The Payment Services Directive (PSD), adopted in 2007, laid the legal foundation for the creation of an EU-wide single market for payments, as well as providing the necessary legal platform for the Single Euro Payments Area (Sepa). A revised version - PSD2 - is expected to be approved by the European Parliament in September 2015, to be published between October and December 2015 in the Official Journal of the European Union. So why was reform of the payment services directive so badly needed?
In an article published yesterday, Ignacio González-Páramo of Payvision, writes that reform was indeed required. He welcomes steps forward such as the introduction of new services and categories of Payment Services Providers (PSPs), such as Third Party Providers (TPPs), which can gain access to a payer’s current account at that payer’s request, as well as the extension of the directive to include payments where one of the parties is not based in the European Economic Area (EEA) and those made in non-EEA currencies.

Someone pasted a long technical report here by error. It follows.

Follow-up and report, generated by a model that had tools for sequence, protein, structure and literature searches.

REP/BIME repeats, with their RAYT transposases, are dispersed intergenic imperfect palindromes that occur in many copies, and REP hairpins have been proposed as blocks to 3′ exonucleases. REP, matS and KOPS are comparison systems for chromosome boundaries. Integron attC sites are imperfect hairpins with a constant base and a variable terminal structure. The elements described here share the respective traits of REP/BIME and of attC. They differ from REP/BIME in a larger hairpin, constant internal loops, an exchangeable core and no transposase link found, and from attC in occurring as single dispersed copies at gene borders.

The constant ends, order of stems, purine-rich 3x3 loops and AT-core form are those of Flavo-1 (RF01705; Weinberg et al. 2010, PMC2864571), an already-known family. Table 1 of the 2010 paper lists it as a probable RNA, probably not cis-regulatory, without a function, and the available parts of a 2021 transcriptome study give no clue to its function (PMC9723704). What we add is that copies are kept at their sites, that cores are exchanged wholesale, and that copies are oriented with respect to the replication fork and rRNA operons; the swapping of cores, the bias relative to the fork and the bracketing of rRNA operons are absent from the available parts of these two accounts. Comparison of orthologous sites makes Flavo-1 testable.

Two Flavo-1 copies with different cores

González-Páramo also notes several weakness in the revised directive, however, including a potential increase of the cost of operating cross-border for payment institutions who have to appoint a central contact point in the host country to interact with the host authorities in local language and format. He also questions whether the European Banking Authority (EBA) has the resources necessary to carry out the supervisory tasks with which it has been entrusted by the PSD2.
Piet Mallekoote, of the Dutch Payments Association, also raises concerns over security involved in giving bank account access codes to TPPs – such as phishing attacks. Mallekoote writes that, while the European Commission has tightened the requirements for TPPs and has asked the EBA to draw up Regulatory Technical Standards (RTS) for security procedures and measures, these have to be implemented by the payment service providers no later than 2018. He adds: “This has not eliminated our concerns, however.” He also notes that some of the unintended consequences of PSD2 could be increased transaction costs in the payment chain.
While the payments industry awaits the imminent approval of the directive by the European Parliament, it remains to be seen whether the revised regulations, which EU member states will have to enact in their national legislation by late 2017, will provide the legal framework needed for Europe's fast-developing and growing payments environment.